Rosie and Kelli tie the knot
February 28 2004 1:00 AM ET
Rosie O'Donnell married her longtime girlfriend Thursday, taking what she called a proud stand for gay civil rights in the city where more than 3,400 other same-sex couples have tied the knot since February 12. "I want to thank the city of San Francisco for this amazing stance the mayor has taken for all the people here, not just us but all the thousands and thousands of loving, law-abiding couples," the former talk-show host, holding a large bouquet, said after she and Kelli O'Donnell emerged from their brief ceremony inside Mayor Gavin Newsom's office.
The couple were married by Treasurer Susan Leal, one of the city's high-profile lesbian elected officials. The newlyweds walked hand in hand down the grand marble staircase in the rotunda to thunderous applause from hundreds of spectators who came to witness the city's first celebrity same-sex wedding. As the San Francisco Gay Men's Chorus serenaded the couple with a few bars of "Chapel of Love," Rosie smiled and said, "We really did. We got married."
Rosie told the crowd that she and Kelli, who have been together six years and are raising four children, decided to dash to San Francisco after hearing President Bush on Tuesday endorse a proposed constitutional amendment banning same-sex marriage. "We were both inspired to come here after the sitting president made the vile and hateful comments he made," Rosie said.
The couple left New York at 5 a.m in order to make their 1 p.m. appointment in San Francisco to pick up their marriage license. "One thought ran through my mind on the plane out here: with liberty and justice for all," Rosie said, drawing even more cheers as she held up her hand in a peace sign. She and Kelli then kissed for the cameras. The couple were flying back to New York later in the day to attend parents' day at their children's school Friday, Rosie said. She joked that with four children under the age of 8, they hadn't planned a honeymoon.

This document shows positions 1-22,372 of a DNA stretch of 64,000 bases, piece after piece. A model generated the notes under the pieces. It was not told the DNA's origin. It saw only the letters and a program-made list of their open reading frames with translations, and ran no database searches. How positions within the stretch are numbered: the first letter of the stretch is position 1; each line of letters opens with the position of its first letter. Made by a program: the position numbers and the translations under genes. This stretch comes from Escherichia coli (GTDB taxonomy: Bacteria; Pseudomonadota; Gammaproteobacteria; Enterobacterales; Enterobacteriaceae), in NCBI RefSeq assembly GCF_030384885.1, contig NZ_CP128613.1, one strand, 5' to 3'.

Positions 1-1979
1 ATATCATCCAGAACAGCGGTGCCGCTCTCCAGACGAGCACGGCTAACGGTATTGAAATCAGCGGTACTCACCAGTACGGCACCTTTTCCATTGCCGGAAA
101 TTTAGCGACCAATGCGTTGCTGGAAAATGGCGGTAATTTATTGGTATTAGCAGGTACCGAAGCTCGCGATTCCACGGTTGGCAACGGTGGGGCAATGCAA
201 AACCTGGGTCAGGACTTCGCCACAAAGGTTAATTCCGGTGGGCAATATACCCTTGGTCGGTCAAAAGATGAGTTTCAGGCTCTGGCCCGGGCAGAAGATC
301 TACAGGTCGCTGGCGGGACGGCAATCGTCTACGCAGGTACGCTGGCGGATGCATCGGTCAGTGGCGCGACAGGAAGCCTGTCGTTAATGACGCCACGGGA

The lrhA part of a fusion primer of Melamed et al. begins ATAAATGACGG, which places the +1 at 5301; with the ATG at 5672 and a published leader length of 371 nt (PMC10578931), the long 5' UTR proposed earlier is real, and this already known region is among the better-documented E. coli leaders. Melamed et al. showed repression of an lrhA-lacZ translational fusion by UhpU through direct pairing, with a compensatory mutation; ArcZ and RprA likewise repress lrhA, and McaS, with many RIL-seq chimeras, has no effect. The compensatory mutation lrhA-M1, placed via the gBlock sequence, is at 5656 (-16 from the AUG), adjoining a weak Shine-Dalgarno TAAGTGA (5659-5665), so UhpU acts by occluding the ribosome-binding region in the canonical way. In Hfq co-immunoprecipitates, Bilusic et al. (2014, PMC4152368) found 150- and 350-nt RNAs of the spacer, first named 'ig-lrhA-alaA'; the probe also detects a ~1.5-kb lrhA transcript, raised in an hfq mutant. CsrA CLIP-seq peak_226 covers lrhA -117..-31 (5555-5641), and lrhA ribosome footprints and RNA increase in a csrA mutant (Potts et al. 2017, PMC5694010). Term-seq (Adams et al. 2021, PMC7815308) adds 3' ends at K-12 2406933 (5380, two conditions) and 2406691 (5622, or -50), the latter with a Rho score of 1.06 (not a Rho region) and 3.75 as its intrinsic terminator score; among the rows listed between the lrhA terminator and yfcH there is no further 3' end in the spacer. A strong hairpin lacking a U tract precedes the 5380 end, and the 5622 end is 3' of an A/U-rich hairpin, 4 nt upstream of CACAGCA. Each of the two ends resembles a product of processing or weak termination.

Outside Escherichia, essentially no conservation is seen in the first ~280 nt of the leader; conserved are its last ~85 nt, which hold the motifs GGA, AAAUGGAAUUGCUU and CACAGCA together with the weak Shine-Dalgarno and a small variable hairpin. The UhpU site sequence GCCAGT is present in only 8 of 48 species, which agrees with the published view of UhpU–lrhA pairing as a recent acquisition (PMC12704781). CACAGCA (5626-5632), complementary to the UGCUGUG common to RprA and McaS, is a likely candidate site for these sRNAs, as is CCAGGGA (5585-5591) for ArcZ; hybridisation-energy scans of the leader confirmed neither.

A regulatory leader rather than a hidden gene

San Francisco City Hall, which has been transformed into a virtual wedding chapel since the city began issuing marriage licenses to same-sex couples, was packed with spectators hoping to catch a glimpse of the most famous couple to be married there so far. Tourists, reporters, and couples there for their own weddings vied for space on all three levels of the ornate building, while the chorus serenaded the crowd with renditions of "The Star Spangled Banner" and "We Shall Overcome." In an interview, Leal said she wished others could have seen Rosie and Kelli as they took their vows to be "spouses for life.... There was not a lot of ad-libbing even though Rosie is a comedian. They smiled a lot, they had a lot of tears in their eyes. It was like any people who know they are entering into a solemn commitment."
The couple brought a friend from New York to serve as one of their witnesses and recruited Joe Caruso, the mayor's director of neighborhood services, to be the other. "It is a great pleasure and privilege to be part of history," Caruso said.
In an interview broadcast Thursday morning on ABC's Good Morning America, Rosie said she decided to marry Kelli, a former dancer and marketing director at Nickelodeon, during her recent court case in New York regarding the now-defunct Rosie magazine. During the trial she referred to Kelli as her wife. "We applied for spousal privilege and were denied it by the state. As a result, everything that I said to Kelli, every letter that I wrote her, every e-mail, every correspondence and conversation was entered into the record," Rosie said. "After the trial I am now and will forever be a total proponent of gay marriage."
California attorney general Bill Lockyer will ask the state supreme court on Friday whether San Francisco's issuing of same-sex marriage licenses violates state law, which designates marriage as only between a man and a woman.
- WATCH: Dodger Stadium Reacts to Same-Sex Couple on Kiss Cam
- Newly Out Fox Contributor Isn't Very Concerned About Gay Rights
- Out NYC Owners Call Gays 'Cheap,' 'Entitled' In Disastrous Interview
- Could National Marriage Equality Mean the End of Gay Culture?
- Op-ed: From Closeted Catholic to Gay Hero
- Marriage Equality Could Worsen Bisexual Erasure